In 2015, Earthjustice and Consumer Federation of America, on behalf of a group of more than 20 firefighter, health, science and consumer groups, including the American Academy of Pediatrics, the National Hispanic Medical Association and the International Association of Fire Fighters, asked the U.S. Consumer Product Safety Commission (CPSC) to ban organohalogen flame retardants (OFRs), which have been linked to reduced IQ, cancer, hormone disruption and reproductive system damage.1
The petition called for sales of four categories of consumer products — children's products, furniture, mattresses and electronic casings — to be prohibited if they contain the chemicals, and in a major victory for environmental and public health, in September 2017 CPSC voted to grant the petition to remove the toxic chemicals from the product categories mentioned.
Organohalogen Flame Retardants May Leave a Toxic Legacy Similar to PCBs
At a public hearing held prior to the vote, Genna Reed, science and policy analyst at the Center for Science and Democracy at the Union of Concerned Scientists, testified that OFRs should be urgently banned, comparing their use to the "earliest form of flame retardants, polychlorinated biphenyls (PCBs)," which are also organohalogens, along with DDT.
PCBs, which have been linked to cancer, reproductive problems and impaired fetal brain development, accumulate in the environment, leaving a lasting toxic legacy that, unfortunately, may be very similar to that left by flame retardants, even after they're banned. Reed testified:2
"Despite being banned in 1977, these chemicals [PCBs] are still found in dangerously high amounts all over industrial hotspots of the country, and continue to bioaccumulate in a range of species. The ban of PCBs happened decades ago and we are still managing the damaging impacts of the chemical's prevalence across the country.
The next generation of these chemicals, organohalogen flame retardants, are inside of our own homes in a range of products, thanks largely in part to the disinformation campaign sowed by special interests. The fact remains that the science does not support their continued use."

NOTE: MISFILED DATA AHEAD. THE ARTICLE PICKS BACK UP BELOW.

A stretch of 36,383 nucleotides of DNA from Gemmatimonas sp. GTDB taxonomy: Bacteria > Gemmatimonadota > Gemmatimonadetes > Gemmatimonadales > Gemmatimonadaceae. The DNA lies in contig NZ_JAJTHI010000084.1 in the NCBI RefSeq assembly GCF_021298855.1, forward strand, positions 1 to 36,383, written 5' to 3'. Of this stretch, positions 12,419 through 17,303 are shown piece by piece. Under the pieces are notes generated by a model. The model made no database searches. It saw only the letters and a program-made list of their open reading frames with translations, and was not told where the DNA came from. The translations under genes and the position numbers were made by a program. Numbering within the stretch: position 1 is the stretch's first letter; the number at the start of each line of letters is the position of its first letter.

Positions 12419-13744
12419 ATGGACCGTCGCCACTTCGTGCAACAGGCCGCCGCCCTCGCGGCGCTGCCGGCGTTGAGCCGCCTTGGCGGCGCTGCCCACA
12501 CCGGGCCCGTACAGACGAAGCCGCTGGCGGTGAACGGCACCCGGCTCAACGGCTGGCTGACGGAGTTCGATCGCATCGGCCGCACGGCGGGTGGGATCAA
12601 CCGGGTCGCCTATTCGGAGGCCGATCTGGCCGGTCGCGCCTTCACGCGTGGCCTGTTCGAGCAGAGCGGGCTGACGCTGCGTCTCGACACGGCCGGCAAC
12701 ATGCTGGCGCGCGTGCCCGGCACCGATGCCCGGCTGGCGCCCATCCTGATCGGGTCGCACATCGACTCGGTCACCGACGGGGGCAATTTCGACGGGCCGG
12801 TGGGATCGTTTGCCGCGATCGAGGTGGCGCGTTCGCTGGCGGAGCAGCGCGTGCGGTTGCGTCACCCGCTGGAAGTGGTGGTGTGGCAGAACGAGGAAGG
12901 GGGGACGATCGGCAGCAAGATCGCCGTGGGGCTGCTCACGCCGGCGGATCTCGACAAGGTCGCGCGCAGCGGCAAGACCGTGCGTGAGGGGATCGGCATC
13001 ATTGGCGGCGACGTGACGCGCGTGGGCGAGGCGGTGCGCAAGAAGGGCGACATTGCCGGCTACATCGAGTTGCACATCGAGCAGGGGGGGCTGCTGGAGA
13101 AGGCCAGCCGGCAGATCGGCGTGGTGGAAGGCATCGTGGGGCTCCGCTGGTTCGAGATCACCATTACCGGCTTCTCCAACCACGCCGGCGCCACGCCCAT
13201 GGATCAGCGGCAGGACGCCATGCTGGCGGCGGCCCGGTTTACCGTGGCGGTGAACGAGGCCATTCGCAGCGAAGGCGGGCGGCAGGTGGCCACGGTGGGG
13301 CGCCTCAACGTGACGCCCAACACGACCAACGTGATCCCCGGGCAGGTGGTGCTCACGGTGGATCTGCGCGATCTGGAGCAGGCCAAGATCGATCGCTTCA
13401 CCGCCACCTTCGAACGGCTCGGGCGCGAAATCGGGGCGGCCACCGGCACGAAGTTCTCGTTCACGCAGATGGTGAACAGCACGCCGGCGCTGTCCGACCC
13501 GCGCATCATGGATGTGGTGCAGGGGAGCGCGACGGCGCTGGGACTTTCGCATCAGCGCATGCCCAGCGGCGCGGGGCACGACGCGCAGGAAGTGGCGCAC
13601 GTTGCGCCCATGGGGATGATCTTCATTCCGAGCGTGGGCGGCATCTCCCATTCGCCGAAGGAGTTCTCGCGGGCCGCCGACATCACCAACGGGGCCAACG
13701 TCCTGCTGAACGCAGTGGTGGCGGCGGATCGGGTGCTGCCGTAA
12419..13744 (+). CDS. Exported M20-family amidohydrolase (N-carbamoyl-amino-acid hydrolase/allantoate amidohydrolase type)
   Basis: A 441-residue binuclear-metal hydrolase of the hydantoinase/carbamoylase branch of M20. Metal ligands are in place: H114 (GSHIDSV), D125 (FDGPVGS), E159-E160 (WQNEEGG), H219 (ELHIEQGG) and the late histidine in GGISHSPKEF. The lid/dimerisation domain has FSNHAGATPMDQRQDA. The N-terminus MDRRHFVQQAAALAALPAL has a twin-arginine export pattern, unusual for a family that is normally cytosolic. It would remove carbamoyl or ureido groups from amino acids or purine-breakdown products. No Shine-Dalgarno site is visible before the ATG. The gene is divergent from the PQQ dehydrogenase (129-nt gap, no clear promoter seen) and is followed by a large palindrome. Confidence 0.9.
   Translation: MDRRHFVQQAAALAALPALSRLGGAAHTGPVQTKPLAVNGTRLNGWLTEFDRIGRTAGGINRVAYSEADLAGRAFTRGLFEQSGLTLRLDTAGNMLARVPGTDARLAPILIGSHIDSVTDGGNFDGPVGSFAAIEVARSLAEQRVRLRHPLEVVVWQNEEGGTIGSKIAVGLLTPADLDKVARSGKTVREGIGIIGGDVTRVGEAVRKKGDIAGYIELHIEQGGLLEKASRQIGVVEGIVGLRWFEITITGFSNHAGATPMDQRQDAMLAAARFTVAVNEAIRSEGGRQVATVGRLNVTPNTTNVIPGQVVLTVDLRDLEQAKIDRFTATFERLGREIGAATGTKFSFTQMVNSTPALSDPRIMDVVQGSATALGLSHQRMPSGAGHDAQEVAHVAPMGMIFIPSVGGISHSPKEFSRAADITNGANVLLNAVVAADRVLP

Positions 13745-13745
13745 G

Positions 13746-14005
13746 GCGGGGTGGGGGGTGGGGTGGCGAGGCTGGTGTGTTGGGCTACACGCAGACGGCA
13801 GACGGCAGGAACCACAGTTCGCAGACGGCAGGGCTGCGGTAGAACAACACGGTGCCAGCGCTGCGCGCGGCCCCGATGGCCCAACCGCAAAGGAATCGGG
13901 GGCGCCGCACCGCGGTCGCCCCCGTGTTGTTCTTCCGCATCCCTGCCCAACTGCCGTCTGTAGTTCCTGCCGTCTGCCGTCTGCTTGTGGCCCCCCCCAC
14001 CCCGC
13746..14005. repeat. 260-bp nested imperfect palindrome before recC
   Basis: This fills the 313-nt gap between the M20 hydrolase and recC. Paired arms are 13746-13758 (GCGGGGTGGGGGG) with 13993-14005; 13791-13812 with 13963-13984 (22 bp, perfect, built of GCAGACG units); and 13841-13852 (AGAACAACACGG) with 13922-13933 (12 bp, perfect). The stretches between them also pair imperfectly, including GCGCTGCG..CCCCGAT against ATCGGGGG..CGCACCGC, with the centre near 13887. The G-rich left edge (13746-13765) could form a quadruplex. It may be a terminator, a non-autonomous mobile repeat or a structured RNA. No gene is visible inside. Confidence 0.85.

The U.S. Environmental Protection Agency (EPA) is also evaluating OFRs, but it could be 10 years or more before they make a decision to ban or restrict their use.3 Part of what makes OFRs so toxic is their semivolatile nature, which allows them to migrate from consumer products into household dust, where every household member, from children to pets, is easily exposed.
In a U.S. study conducted by the Environmental Working Group (EWG), flame retardants were detected in every sample of household dust they tested, at concerning levels.
"The average level of brominated fire retardants measured in dust from nine homes was more than 4,600 parts per billion (ppb) … [while] a tenth sample contained more than 41,000 ppb of the chemicals — twice as high as the maximum level previously reported by any dust study worldwide," EWG reported.4 As Reed noted, OFRs easily meet the definition of "toxic" under the Federal Hazardous Substances Act (FHSA) because ample evidence shows they have the "capacity to cause personal illness."
"[E]xposure has been associated with a range of health impacts including reproductive impairment, neurological impacts, endocrine disruption, genotoxicity, cancer and immune disorders," she said at the public hearing, adding that, "perhaps most egregiously, biomonitoring data have revealed that communities of color and low-income communities are disproportionately exposed to and bear high levels of flame retardant chemicals, adding to the cumulative chemical burden that these communities are already experiencing."5